Cobra Grande: An Amazonian Vision of Human-Environmental Relations

By Nicholas C. Kawa, Ball State University § On a Saturday morning in late October, I accompanied my friend Cândida and her four brothers on a fishing trip to Lago Comprido, a seasonal lake found on an island in the middle of the Madeira River. When we arrived, we crossed swamps on fallen logs and then […]

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Multispecies Methodologies and Human-Elephant Relations

Piers Locke, University of Canterbury and Paul Keil, Macquarie University  § The recent ferment of multispecies research and writing in the humanities and social sciences has redirected our focus to the materiality of lived experience in the biophysical world we share with other species. In so doing, not only has it opened up exciting challenges of intellectual […]

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The Limpkin: A Poem and Short Essay

By Zachary Caple, University of California, Santa Cruz § The Limpkin Lover of the trashiest shorelines, the limpkin is an ibis made plainer, browner. Flecked white collar and long proboscis, it makes a living along the dock-stamped littorals and dingy canals of Florida. I got my first good look at a limpkin in a phosphate […]

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Becoming Human with Others in the Anthropocene: The Long View

By Agustín Fuentes, University of Notre Dame § We shape and are shaped by our caretaking, consumption, manipulation of, destruction of and compassion for other beings. Human evolution is a multispecies endeavor, a current in which humans and our companion species have always been caught. This process of entanglement is more pervasive and broadly distributed […]

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Animals, Humans, and Forms of Life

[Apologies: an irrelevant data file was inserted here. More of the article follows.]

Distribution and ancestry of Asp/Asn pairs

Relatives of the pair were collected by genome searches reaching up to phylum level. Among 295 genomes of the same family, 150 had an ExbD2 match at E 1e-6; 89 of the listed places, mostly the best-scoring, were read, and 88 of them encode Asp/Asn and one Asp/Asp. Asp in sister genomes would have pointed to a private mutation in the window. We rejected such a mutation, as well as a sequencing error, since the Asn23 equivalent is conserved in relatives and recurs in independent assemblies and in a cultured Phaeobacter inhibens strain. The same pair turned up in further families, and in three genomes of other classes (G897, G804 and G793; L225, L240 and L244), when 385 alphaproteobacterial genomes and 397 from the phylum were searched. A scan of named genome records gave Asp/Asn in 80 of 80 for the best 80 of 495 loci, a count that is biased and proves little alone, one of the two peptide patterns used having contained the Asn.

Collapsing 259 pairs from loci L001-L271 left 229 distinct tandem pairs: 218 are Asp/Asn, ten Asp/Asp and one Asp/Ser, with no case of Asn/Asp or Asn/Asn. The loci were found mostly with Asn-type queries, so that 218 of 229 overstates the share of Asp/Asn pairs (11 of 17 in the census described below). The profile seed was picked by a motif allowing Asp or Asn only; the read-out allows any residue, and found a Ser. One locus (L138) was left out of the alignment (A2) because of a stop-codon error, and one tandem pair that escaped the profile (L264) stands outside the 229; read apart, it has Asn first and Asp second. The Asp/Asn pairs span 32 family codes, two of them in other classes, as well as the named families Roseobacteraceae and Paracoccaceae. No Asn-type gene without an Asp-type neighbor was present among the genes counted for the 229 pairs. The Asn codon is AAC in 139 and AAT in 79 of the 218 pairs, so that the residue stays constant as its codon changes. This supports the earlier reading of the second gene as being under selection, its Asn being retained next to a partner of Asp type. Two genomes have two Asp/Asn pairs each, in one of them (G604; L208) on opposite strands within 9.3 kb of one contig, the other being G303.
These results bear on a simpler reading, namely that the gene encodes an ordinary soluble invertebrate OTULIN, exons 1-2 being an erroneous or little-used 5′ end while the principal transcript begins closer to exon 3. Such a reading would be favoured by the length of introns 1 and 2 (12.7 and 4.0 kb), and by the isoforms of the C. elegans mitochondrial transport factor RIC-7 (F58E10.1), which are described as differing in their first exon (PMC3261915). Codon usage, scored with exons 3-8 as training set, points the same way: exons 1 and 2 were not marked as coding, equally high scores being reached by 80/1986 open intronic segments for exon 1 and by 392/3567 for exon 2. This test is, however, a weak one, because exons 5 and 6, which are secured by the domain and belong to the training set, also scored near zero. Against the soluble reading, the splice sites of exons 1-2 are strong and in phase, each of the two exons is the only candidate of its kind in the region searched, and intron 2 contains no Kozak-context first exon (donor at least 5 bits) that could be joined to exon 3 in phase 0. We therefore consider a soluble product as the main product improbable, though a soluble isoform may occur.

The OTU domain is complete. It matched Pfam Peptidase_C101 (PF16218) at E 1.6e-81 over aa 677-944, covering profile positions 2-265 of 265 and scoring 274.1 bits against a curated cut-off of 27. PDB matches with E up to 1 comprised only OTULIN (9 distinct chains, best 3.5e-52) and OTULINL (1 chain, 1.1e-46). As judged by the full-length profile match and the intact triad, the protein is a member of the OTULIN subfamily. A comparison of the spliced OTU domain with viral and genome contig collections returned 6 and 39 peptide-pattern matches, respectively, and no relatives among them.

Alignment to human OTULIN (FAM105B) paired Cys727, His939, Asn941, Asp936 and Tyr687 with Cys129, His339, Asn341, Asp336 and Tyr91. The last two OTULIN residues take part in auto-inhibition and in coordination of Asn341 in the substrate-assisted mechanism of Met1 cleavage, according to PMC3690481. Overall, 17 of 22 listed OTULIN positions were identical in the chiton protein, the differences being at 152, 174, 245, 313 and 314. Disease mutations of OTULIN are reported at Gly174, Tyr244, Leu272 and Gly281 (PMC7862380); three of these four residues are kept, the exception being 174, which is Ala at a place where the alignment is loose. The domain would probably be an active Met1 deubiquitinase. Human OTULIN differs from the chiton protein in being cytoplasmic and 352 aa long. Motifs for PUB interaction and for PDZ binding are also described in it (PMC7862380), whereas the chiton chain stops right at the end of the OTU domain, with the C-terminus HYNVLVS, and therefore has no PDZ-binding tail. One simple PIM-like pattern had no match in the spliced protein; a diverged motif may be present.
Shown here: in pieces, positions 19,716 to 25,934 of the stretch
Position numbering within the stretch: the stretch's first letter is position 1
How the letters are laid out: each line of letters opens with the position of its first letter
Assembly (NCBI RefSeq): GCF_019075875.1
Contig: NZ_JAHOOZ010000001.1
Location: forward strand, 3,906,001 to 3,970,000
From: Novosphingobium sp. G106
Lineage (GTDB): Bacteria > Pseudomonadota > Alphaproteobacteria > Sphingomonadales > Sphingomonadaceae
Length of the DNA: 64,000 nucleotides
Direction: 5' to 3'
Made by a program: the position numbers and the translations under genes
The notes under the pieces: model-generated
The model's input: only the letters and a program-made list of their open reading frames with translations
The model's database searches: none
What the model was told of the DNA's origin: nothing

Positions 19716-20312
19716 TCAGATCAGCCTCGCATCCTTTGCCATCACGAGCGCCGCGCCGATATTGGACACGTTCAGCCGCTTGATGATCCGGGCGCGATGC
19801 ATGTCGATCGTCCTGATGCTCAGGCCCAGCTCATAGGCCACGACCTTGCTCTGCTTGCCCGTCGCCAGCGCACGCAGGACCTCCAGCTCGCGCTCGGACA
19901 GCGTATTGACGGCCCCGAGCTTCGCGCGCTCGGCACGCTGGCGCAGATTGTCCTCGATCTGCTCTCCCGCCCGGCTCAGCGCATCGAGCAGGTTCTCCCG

By Maya Ratnam, Johns Hopkins University § In what ways do we humans share lives with nonhuman animals? What are our ethical commitments towards them? What kinds of moral worlds is it possible for humans and nonhumans to cohabit? These questions have preoccupied not just moral philosophers but also anthropologists working in diverse ecological and […]

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Multispecies Ethnography and Social Hierarchy

By Juno Salazar Parreñas, The Ohio State University § Ethnographic research often gets divided between “studying up” via Laura Nader (1972 [1964]) and studying with “a view from below” via E. P. Thompson (Thompson 1968). Both approaches offer important ways for understanding social relations, but they don’t quite work for multispecies ethnography. Let’s consider studying […]

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Ethnography of Life Forms

By John Hartigan, University of Texas § One of the pressing concerns in multispecies research is how to extend and apply our analytics across species boundaries. The difference between, say, “a cultural history of plants” and an account that purports to render plants as ethnographic subjects is rather stark. The former is interested in these […]

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